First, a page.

This weekend I wrote about how restaurant traffic had seen precipitous drops last week in places like Washington State and New York City due to coronavirus. That trend has only gotten worse.
As of Sunday, restaurant traffic drops in big US cities hit hard by COVID-19 were eye-popping. Using OpenTable data, I charted the year over year traffic from about a month ago (Feb 18th, the first available date using OpenTable’s data) and compared it to year over year traffic on Sunday.
New York City’s restaurant traffic was down by 69%, while Seattle’s restaurant traffic had dropped by 62%. Despite being two of the earliest hotspots, these were not the biggest drops. San Francisco restaurant traffic was down by 72% on Sunday compared to a year earlier, while Boston’s traffic was down 70%.
It should all be noted that this has all happened before the start of mandatory restaurant dine-in shutdowns, which are beginning this week in New York City, Seattle and San Francisco. Clearly, these numbers are going to get worse.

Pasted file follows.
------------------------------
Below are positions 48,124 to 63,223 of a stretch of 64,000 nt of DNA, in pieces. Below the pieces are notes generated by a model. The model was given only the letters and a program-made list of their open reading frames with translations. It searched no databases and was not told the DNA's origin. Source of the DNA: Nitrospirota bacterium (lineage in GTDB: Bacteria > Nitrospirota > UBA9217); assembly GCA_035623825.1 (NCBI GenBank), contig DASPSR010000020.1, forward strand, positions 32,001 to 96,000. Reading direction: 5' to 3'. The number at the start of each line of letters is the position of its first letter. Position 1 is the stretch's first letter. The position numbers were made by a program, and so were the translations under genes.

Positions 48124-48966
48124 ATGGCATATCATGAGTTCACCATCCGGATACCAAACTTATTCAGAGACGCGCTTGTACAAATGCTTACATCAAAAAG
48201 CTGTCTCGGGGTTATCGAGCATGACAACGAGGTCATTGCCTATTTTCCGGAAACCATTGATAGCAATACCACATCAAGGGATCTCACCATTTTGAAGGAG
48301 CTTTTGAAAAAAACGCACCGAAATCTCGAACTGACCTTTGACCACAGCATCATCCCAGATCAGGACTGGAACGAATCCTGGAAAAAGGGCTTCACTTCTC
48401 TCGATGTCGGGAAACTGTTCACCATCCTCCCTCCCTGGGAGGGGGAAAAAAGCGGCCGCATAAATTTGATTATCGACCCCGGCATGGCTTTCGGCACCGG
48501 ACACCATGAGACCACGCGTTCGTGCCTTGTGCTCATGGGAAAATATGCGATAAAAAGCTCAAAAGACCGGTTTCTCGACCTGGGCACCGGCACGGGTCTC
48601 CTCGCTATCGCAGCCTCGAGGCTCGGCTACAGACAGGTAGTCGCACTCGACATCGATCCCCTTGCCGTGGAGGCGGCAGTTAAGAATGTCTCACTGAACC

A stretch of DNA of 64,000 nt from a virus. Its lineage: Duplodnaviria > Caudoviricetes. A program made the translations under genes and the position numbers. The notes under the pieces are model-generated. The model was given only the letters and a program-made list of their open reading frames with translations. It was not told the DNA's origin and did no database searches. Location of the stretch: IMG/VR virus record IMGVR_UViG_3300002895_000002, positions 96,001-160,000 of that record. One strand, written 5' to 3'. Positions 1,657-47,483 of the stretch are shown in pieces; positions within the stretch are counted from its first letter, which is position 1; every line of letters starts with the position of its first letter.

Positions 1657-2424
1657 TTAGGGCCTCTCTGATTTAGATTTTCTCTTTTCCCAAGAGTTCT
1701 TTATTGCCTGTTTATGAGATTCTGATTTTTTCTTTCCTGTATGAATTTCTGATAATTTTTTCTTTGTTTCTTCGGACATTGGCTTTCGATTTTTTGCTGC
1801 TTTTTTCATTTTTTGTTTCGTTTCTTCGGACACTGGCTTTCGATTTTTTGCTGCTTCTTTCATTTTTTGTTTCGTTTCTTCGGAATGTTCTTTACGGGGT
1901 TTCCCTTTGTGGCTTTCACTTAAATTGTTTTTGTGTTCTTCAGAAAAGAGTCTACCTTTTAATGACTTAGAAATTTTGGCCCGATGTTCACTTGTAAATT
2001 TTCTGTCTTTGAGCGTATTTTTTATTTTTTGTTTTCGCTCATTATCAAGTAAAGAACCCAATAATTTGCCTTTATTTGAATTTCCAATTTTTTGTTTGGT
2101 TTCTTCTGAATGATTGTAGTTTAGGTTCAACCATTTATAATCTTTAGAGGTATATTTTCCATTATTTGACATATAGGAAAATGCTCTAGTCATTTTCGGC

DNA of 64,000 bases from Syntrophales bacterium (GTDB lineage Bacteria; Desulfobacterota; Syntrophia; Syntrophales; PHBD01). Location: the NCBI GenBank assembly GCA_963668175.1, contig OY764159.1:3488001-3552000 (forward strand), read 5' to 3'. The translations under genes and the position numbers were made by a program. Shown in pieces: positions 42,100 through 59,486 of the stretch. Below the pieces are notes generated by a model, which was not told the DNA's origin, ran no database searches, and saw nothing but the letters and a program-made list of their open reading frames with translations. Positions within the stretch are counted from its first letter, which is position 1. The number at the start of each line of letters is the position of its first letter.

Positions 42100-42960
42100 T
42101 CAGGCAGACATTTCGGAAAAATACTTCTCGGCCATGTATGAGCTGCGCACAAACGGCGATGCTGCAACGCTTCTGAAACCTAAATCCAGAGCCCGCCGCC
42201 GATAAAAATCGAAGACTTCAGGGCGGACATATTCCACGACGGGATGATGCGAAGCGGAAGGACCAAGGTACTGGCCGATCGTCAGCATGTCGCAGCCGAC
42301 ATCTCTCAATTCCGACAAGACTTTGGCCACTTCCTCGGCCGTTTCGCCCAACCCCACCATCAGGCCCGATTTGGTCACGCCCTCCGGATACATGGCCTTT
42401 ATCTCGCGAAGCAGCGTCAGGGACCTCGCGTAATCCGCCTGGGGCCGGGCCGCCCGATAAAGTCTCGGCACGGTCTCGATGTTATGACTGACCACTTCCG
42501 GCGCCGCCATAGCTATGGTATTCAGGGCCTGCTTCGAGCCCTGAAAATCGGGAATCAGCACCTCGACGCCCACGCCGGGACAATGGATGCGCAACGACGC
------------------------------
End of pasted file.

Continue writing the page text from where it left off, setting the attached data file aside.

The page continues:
It’s also worth noting that in cities where there are shutdowns, delivery is still allowed and those restaurants that can make the pivot to all-delivery models are attempting to do so. Even Canlis, Seattle’s legendary $300 a plate restaurant, has closed its dining room and opened up a burger-pick-up drive through lane.
Still, businesses that were built to feed diners inside a space cannot pivot on a dime and we’re seeing significant disruption to even the biggest names in dining. Danny Meyer announced the temporary shut downs of his restaurants, following the likes of Tom Douglas in Seattle. José Andrés, being the great José Andrés, has shut down his restaurants and turned them into community kitchens to feedd COVID-impacted families.
We’ll continue to cover the impact of coronavirus as we move into forced closings. For those restaurants looking to ramp up their delivery business, we’ve started to gather a list of companies lending a helping hand here.